In a previous chapter, I covered how to simulate hundreds of coin flips. Now, we are familiar with many additional topics, including functions, conditional statements, and loops. In this chapter, I will show a somewhat complicated simulation that combines several of these concepts. This simulation will simulate the spread of a disease in a population. It will have a lot of moving parts, so it will be a good exercise in combining the concepts we have learned so far.

The code below is selectable, so you can copy and paste it into RStudio to look it over and run it. I will split the code into sections: setup, functions, and simulation. The setup section will contain the parameters of the simulation, such as the number of individuals in the population and the probabilities of infection and recovery. The functions section will contain the functions that will be used in the simulation. The simulation section will contain the code that actually runs the simulation.

Although it will be quite the project, put in the effort to understand the code below. Refer to the variable names to try to get a grasp of what is happening. It will be a good exercise in understanding how to combine the concepts, and will help you to start thinking creatively about coding.

```
# Here is an example of a simulation in R. It is an
# epidemiological simulation that uses a lattice network (think
# chessboard where your neighbors are N, S, E or W of you) to
# describe how individuals can spread disease.
### Simulation parameters
set.seed(250)
lattice.width <- 15
total.timesteps <- 500
frame.duration <- 0.1 # in seconds
number.of.individuals <- lattice.width ^ 2
center <- round(lattice.width / 2)
# probabilities
infection.probability <- 0.1
recovery.probability <- 0.1
loss.of.resistance.probability <- 0.02
# change this to 0.01 to see no cycles
# printed characters
susceptible.symbol <- " "
infected.symbol <- "@"
resistant.symbol <- "_"
```

```
### Functions
clearScreen <- function () {cat("\f")}
eventOccurs <- function (prob) {runif(1) < prob}
makePopulationMatrix <- function () {
population.matrix <- matrix(
rep(susceptible.symbol, number.of.individuals),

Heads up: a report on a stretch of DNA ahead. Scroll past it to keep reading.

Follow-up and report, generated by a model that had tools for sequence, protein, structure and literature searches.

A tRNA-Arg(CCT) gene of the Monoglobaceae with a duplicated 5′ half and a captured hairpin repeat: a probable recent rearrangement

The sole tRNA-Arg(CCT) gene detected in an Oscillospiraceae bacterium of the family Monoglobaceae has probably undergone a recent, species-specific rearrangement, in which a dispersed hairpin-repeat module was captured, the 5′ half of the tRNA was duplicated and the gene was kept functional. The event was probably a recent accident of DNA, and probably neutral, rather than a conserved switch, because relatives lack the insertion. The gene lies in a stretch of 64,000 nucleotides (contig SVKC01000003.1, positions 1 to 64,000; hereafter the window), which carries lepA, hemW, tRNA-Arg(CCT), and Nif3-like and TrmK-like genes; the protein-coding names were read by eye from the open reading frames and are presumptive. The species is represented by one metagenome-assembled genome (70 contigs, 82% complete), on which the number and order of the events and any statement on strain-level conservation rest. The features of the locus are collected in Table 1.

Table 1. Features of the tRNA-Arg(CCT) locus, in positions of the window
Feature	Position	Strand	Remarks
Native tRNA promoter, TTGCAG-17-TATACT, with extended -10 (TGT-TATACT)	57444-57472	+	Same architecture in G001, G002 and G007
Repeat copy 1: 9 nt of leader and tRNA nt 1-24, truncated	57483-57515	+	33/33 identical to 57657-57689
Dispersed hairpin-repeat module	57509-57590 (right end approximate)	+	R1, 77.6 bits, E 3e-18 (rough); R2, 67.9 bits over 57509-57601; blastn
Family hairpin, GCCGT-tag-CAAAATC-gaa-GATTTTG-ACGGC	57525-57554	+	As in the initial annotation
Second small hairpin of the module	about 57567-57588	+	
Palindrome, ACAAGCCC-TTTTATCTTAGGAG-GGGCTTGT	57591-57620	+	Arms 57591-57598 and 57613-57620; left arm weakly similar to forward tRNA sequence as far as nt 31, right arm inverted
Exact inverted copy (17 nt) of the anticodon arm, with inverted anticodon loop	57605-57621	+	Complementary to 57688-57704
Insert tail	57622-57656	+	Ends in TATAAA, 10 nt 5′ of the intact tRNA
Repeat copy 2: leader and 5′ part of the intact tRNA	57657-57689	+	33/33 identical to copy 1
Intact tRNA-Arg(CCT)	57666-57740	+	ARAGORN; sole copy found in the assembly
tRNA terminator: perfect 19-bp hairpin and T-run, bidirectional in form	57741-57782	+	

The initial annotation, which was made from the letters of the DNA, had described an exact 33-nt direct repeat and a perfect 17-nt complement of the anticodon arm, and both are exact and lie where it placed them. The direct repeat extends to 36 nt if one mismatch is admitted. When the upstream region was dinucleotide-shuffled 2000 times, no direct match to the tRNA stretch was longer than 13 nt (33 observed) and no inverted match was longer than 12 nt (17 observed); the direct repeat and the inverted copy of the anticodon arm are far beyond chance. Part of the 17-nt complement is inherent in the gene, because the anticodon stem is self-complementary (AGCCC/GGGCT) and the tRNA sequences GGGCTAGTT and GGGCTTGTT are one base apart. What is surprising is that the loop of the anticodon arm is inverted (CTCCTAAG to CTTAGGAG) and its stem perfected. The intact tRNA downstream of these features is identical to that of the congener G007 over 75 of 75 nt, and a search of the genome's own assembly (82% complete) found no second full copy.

ncol=lattice.width
)
population.matrix[center, center] <- infected.symbol
return (population.matrix)
}
makeGraph <- function () {
plot(
NULL,
xlim=c(0, total.timesteps),
ylim=c(0, number.of.individuals),
xlab="Time step",
ylab="Count"
)
legend(
"topright",
legend=c("susceptible", "infected", "recovered"),
col=1:3,
pch=1
)
stats <- c(number.of.individuals - 1, 1, 0)
for (i in 1:length(stats)) {
points(1, stats[i], col=i)
}
}
changeIndex <- function (index, delta) {
new.index <- index + delta
if (new.index == 0) {
return (lattice.width)
} else if (new.index > lattice.width) {
return (1)
} else {
return (new.index)
}
}
getPopulationStats <- function (population.matrix) {
stats <- c()
for (char in c(susceptible.symbol, infected.symbol, resistant.symbol)) {
stats <- c(stats, sum(population.matrix == char))
}
return (stats)
}
updateGraphAndPrintMatrix <- function (population.matrix, current.time) {
stats <- getPopulationStats(population.matrix)
susceptible.count <- stats[1]
infected.count <- stats[2]
resistant.count <- stats[3]
clearScreen()
# update graph every 5th point
if (current.time %% 5 == 0) {
for (i in 1:length(stats)) {
points(current.time, stats[i], col=i)
}
}
# print time step information
cat(paste0(
"\n",
"Time step: ", current.time, " / ", total.timesteps, "\n"
))
# print population matrix
for (row.number in 1:lattice.width) {
cat(paste(population.matrix[row.number,], collapse=" "))
cat("\n")
}
# print current stats
cat(paste0(